Mon, 1 October 2018
In this news-only episode, Nick Weaver and I muse over the outing of a GRU colonel for the nerve agent killings in the United Kingdom. I ask the question that is surely being debated inside MI6 today: Now that he’s been identified, should British intelligence make it their business to execute Col. Chepiga?
On a lighter note, Uber is paying $148 million to state AGs for a data breach that apparently had no consequences and might not even have been a breach.
About a year too late for Congressional action, a consensus of sorts is emerging among Republicans that Silicon Valley needs broad privacy regulation. The Trump Administration is asking for comment on data privacy principles. And tech giants are pushing lawmakers for federal privacy rules. But the catalyst is an increasing need for federal preemption in the face of California’s new law, and the Dems who are expected to take the House will be hard to sell on preemption. So despite the emerging consensus, a log jam that lasts years could still be in our future.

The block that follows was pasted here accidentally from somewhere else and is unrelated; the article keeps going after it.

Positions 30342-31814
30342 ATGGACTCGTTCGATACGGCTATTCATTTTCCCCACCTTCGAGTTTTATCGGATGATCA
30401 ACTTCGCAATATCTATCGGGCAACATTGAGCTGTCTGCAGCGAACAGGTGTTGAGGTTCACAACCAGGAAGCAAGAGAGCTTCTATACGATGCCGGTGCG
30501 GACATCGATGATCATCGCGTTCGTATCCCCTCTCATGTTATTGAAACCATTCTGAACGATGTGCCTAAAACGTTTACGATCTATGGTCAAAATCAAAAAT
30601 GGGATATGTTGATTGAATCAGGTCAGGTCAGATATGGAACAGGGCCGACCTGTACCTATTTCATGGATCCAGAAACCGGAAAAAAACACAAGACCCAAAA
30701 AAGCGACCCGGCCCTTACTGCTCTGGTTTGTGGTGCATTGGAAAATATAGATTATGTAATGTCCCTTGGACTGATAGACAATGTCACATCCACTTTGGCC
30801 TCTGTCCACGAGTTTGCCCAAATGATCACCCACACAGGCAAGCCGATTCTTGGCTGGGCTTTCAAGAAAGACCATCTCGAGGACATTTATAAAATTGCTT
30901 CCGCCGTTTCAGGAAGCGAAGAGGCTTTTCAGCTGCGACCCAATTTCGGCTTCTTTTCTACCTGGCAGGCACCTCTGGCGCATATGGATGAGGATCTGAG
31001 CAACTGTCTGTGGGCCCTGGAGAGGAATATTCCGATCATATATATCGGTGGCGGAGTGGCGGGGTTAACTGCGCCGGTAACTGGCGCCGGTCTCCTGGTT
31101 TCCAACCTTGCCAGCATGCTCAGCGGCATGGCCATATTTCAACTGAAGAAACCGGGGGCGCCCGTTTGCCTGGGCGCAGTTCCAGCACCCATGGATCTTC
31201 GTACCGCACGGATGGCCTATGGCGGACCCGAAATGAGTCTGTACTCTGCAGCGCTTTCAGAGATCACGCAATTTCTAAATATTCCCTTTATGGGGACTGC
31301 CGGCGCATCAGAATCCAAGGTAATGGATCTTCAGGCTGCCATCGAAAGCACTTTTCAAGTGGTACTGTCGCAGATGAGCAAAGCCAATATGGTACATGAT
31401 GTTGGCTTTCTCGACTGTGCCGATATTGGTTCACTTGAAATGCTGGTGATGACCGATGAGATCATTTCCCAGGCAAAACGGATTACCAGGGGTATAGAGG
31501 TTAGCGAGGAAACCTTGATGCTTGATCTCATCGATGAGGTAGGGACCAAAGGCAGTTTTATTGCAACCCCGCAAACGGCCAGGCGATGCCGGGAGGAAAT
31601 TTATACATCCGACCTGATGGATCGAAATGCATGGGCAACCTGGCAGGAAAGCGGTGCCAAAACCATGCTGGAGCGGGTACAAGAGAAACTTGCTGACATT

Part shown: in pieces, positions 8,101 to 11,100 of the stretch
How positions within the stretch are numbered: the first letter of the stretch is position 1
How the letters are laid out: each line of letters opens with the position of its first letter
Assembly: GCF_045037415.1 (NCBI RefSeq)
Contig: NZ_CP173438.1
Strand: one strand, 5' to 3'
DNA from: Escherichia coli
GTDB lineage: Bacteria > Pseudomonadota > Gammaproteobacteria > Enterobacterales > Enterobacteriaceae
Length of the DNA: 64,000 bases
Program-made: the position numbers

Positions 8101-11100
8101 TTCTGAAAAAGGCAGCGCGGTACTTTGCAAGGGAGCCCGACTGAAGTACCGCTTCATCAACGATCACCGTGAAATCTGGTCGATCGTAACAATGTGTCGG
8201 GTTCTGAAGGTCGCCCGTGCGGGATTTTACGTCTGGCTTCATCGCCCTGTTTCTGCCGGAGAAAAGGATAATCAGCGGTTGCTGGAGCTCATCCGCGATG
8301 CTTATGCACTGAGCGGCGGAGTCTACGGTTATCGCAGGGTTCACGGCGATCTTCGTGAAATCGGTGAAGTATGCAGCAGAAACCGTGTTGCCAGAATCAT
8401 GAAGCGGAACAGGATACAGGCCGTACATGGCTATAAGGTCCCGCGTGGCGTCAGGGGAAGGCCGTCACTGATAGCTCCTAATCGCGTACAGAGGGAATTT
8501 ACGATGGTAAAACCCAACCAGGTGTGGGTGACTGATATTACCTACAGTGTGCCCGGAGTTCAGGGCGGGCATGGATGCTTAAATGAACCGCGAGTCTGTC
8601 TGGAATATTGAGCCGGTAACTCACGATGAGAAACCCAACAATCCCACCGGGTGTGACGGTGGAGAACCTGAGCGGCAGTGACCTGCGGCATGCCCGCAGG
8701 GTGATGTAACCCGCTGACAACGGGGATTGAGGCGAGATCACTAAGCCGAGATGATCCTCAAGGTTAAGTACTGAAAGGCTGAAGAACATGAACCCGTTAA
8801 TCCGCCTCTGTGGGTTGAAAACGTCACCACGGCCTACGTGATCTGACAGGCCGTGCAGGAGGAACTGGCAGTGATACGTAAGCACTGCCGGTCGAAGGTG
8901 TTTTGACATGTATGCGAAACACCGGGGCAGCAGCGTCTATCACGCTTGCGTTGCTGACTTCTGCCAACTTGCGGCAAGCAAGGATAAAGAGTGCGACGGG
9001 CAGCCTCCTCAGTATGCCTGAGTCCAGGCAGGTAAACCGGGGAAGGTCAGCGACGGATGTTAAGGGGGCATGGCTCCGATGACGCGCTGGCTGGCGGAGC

The sentencing of an NSA employee for taking sensitive tools home – and getting them compromised by Kaspersky – leaves Nick with plenty of additional questions about the source of the tools compromised by Russian proxies in recent years.
Meanwhile, West Virginia embraces a mobile voting app for the 2018 election. Remarkably, despite the deployment of blockchain buzzwords, none of us thinks the system is secure.
And in quick hits:
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The views expressed in this podcast are those of the speakers and do not reflect the opinions of the firm.